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Boise City, Oklahoma
—  City  —
Location of Boise City, Oklahoma
Coordinates: 36°43′48″N 102°30′41″W / 36.73°N 102.51139°W / 36.73; -102.51139Coordinates: 36°43′48″N 102°30′41″W / 36.73°N 102.51139°W / 36.73; -102.51139
Country United States
State Oklahoma
County Cimarron
 - Total 1.3 sq mi (3.3 km2)
 - Land 1.3 sq mi (3.3 km2)
 - Water 0.0 sq mi (0.0 km2)
Elevation 4,167 ft (1,270 m)
Population (2000)
 - Total 1,483
 Density 1,180.6/sq mi (455.8/km2)
Time zone Central (CST) (UTC-6)
 - Summer (DST) CDT (UTC-5)
ZIP code 73933
Area code(s) 580
FIPS code 40-07300[1]
GNIS feature ID 1090365[2]

Boise City is a city in and the county seat of Cimarron County, Oklahoma, United States.[3] The population was 1,483 at the 2000 census.

'Boise' is pronounced to rhyme with 'voice' (as opposed to "boy-see", like the city in Idaho).

The actress Vera Miles was born in Boise City in 1929.



Boise City is located at 36°43′48″N 102°30′41″W / 36.73°N 102.51139°W / 36.73; -102.51139 (36.730115, -102.511419)[4].

According to the United States Census Bureau, the city has a total area of 1.3 square miles (3.4 km2), all of it land.

Boise City is closer to the capitals of both Colorado and New Mexico than it is to Oklahoma City. Denver, CO is 303 miles (488 km) and Santa Fe, NM is 261 miles (420 km), while Oklahoma City is 326 miles (525 km) away.

From Boise City, one can drive to four other states in under an hour. No other region west of the Mississippi River allows access to as many states (five, including Oklahoma) in this amount of time.


As of the census[1] of 2000, there were 1,483 people, 610 households, and 400 families residing in the city. The population density was 1,180.6 people per square mile (454.4/km²). There were 752 housing units at an average density of 598.7/sq mi (230.4/km²). The racial makeup of the city was 81.66% White, 0.20% African American, 1.69% Native American, 0.27% Asian, 13.35% from other races, and 2.83% from two or more races. Hispanic or Latino of any race were 21.04% of the population.

There were 610 households out of which 29.8% had children under the age of 18 living with them, 55.1% were married couples living together, 7.5% had a female householder with no husband present, and 34.3% were non-families. 33.1% of all households were made up of individuals and 18.4% had someone living alone who was 65 years of age or older. The average household size was 2.36 and the average family size was 2.99.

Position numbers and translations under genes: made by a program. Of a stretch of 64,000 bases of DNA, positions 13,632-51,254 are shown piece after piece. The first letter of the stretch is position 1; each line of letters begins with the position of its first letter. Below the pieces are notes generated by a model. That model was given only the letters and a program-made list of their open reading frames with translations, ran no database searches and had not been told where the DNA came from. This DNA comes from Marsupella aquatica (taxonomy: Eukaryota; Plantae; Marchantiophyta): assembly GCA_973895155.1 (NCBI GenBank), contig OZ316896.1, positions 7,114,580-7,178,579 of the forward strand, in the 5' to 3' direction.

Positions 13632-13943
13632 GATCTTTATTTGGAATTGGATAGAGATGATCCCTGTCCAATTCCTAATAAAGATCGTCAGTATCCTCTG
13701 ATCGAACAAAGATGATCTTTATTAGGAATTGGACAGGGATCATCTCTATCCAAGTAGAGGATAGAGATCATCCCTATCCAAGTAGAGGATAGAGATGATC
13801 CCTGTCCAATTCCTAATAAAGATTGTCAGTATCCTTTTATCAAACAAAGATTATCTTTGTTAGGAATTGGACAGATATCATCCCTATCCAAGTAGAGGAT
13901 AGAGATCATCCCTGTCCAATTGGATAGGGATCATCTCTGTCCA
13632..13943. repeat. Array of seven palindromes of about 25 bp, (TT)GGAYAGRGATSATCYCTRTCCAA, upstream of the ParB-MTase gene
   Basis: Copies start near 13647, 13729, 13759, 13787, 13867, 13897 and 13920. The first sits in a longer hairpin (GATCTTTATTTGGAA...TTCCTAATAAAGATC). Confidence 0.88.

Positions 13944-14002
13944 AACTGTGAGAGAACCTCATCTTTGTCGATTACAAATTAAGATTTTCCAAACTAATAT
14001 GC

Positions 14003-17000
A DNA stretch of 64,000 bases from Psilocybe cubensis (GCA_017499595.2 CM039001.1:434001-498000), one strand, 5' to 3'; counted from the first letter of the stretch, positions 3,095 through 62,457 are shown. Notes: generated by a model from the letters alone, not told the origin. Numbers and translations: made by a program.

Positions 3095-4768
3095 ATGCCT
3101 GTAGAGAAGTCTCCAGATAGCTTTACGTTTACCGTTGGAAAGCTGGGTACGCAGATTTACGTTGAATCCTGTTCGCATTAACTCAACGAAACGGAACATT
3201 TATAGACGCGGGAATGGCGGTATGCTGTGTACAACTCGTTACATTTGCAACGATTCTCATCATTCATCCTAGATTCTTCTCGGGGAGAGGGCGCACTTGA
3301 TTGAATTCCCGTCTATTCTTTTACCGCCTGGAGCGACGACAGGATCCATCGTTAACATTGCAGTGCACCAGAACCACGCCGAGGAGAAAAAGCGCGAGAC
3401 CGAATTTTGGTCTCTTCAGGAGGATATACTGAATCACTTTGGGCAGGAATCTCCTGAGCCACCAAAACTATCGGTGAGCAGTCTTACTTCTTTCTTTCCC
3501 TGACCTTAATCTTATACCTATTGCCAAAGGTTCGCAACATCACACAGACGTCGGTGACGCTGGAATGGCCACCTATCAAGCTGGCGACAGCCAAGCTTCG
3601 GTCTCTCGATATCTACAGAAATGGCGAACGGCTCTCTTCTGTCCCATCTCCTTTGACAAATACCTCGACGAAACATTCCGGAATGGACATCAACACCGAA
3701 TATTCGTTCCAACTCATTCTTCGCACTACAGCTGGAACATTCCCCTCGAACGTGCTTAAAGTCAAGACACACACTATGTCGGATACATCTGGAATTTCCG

In the city the population was spread out with 26.2% under the age of 18, 6.6% from 18 to 24, 21.7% from 25 to 44, 24.3% from 45 to 64, and 21.2% who were 65 years of age or older. The median age was 41 years. For every 100 females there were 90.4 males. For every 100 females age 18 and over, there were 87.5 males.

The median income for a household in the city was $30,071, and the median income for a family was $35,761. Males had a median income of $23,088 versus $17,679 for females. The per capita income for the city was $15,821. About 14.7% of families and 19.1% of the population were below the poverty line, including 24.0% of those under age 18 and 12.3% of those age 65 or over.


Boise City was founded in 1908 by developers J.E. Stanley and A.J. Kline, who published and distributed brochures promoting the town as an elegant, tree-lined city with paved streets, numerous businesses, railroad service, and an artesian well. They sold 3,000 lots to buyers who discovered, on their arrival, that none of the information in the brochure was true. Stanley and Kline were convicted of fraud and sent to Leavenworth Federal Penitentiary. The town nevertheless took shape and had 250 residents by 1920.

Boise City's prosperity in the 1930s was severely affected by its location at the heart of the Dust Bowl region.

Boise City was the only city in the continental United States to be bombed during World War II. The bombing occurred on July 5, 1943, at approximately 12:30 a.m. by a B-17 Flying Fortress Bomber. This occurred because pilots performing target practice became disoriented and mistook the lights around the town square as their target. No one was killed in the attack (only practice bombs were used and the square was deserted at the time), but the pilots were embarrassed. For the 50th anniversary of the attack, the crew of the bomber was invited back to Boise City, but all members declined. The former radio operator did, however, send an audio tape that was played at the celebration.

Cimarron County Courthouse in Boise City

Points of interest


External links



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